Talented music producer Simon Moro (check out his work at ninetynine100.com) took some time out of his day to produce a quick little guide about common music production myths ahead of his panel at the brilliant Live and Local Festival artist development workshop program happening across the City of Port Phillip this week! If you’re in the Melbourne area do check out this fantastic opportunity for professional development.
MYTH 1) Spending more money on the production of an average song will make it successful.
With the accessibility of software, plugins and sample libraries, it can be tempting to keep trying to ‘fix’ a song by changing the sounds or adding layers and effects. If a composition is poor, production will do little to really improve it. Go back to the drawing board and fix the problem at the source. Write a stronger song. The more songs you write, the better you will get at it. A songwriter should be writing several song ideas every day! Imagine visiting a doctor that only sees 12 patients per year. How confident would you be in their ability?
MYTH 2) Choosing a producer or studio based on quotes is good practice.
I often have sales enquiries in which I’m immediately asked what my rates are. Other than my mastering service, it’s a trickier question to answer! Until I know the scope of work, the artist’s goal and existing resources, I’m unable to answer the question. For example, an hourly rate is often irrelevant. What IS relevant is “How long will it take to achieve XYZ?” One producer might take 3 hours to edit a vocal poorly, while an experienced producer, could do a better job in a 3rd of the time. When asking for quotes, start by explaining your goals, and ask how they would approach helping you to achieve them. A good producer will be able to make you feel comfortable and excited about the process.
MYTH 3) Producing and mixing your own music on a laptop at home, and having it mastered by a pro will make it sound like a million dollars.
There are so many layers and factors to producing an ‘expensive’ sounding track. The recording and mixing stages contribute to such a large part of the overall sound. Neglecting these areas of production can impact your song’s chances of connecting with an audience. If you were building a house for the very first time, you designed it, ordered the materials, laid the foundations, built the frame etc., it’s probably not going to be your finest work. Maybe after the 10th house, you’d be getting the hang of it. Paying a professional to lay the carpet, paint the walls and put the roof on your first house, won’t make it the best house on the street. A song is ready for mastering when it already sounds good enough to release! A finished mix, should have all the magic already present. If not, get back to work, and book your mastering session when the mixes are sounding awesome!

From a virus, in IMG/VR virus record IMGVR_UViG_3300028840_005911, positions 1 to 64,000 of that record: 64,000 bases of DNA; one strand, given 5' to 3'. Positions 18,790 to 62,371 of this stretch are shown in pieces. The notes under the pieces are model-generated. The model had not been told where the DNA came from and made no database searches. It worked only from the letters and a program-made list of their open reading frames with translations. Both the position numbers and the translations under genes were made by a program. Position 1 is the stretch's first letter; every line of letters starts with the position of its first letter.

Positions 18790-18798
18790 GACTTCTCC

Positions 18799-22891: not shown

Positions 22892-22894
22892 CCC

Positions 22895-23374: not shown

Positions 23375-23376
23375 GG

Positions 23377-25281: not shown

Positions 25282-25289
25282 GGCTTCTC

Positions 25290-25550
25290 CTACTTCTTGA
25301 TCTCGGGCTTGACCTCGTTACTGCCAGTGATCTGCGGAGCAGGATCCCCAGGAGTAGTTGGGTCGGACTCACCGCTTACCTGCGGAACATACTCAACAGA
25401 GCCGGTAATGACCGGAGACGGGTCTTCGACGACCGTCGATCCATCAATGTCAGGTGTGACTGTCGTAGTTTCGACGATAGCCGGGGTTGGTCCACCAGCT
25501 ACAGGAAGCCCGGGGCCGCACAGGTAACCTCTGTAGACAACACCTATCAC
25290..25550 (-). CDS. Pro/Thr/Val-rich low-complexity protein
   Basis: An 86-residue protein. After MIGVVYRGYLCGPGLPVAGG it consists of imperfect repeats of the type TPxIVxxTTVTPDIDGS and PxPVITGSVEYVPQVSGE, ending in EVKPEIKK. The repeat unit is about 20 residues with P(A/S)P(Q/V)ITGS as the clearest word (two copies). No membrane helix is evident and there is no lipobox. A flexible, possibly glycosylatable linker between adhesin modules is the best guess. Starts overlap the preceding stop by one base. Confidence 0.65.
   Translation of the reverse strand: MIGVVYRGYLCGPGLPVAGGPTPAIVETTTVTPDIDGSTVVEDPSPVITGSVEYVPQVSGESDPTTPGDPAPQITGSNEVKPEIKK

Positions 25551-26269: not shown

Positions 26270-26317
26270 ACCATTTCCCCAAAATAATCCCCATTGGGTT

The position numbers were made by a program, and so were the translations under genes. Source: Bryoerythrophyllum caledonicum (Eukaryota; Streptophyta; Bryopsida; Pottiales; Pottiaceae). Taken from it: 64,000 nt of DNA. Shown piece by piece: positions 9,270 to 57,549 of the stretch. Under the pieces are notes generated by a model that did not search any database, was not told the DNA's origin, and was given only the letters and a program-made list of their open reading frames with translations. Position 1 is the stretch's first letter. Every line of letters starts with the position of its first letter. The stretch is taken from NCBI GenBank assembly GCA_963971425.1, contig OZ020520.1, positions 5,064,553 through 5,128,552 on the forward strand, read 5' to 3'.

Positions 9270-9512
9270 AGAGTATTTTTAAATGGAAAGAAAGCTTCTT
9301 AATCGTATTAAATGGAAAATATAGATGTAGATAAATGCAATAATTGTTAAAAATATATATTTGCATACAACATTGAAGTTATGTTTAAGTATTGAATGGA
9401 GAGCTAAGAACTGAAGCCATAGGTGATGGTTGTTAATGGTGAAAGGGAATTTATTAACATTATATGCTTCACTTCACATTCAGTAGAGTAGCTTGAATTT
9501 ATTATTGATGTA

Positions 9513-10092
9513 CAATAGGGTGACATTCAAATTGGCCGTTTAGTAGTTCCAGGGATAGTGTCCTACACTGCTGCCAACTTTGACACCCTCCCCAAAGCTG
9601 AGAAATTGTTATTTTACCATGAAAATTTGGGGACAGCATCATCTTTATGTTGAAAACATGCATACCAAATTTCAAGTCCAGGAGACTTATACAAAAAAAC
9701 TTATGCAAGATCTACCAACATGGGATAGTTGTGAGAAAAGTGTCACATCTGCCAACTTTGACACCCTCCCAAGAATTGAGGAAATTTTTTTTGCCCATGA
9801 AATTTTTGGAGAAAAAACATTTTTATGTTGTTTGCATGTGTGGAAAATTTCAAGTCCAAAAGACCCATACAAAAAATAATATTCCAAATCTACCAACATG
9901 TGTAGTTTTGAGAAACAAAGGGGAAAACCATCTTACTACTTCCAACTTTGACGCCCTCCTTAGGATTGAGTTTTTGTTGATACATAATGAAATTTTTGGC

MYTH 4) Mixing ‘as you go’, is the way to go.
Mixing is such an important part of the recording process. However, in the DYI revolution, it’s somehow been tacked onto ‘writing, recording and producing’, before a third party takes over for mastering. The mix as you go approach often comes from the trend of working on songs over weeks and months, at home, on a computer, sometimes in scenarios where the production is trying to compensate for composition, arrangement or performance problems. By mixing as you go, it feels like the song is evolving and coming together as the weeks pass. This becomes an issue as you approach the end of production, ready to ‘finish the mix’. The challenge is to be objective. Next time, when you’re ready to ‘finish the mix’, try committing all existing sounds to audio files, then starting a new session in your DAW, bring in these audio files, and start the mix from this point. You’ll be more objective, and less tempted to go back and tweak things one last time.
MYTH 5) Your audience should be expected to ‘imagine the potential’ of your song.
If you’ve ever finished your own music DIY, chances are you were ‘pretty happy’ with it, but with all honesty, could hear that is wasn’t quite as good as you favourite artists’ last release. You then put this song into the world, knowing it’s not quite there, but hey, you know how great it COULD sound, and how close it is.The problem with this is that your audience isn’t trained musicians or producers. They just hear the song, and either connect with it, or not. They shouldn’t be expected to support a song based on its potential. What if you bought a backpack from an online store, and when it arrived, there were now straps. Sure, you could ‘imagine’ the potential of this product if it had straps, but you’d probably ask for your money back. If you feel like your song isn’t quite there, find the missing piece of the puzzle, and release its full potential! Your career and your fans deserve it!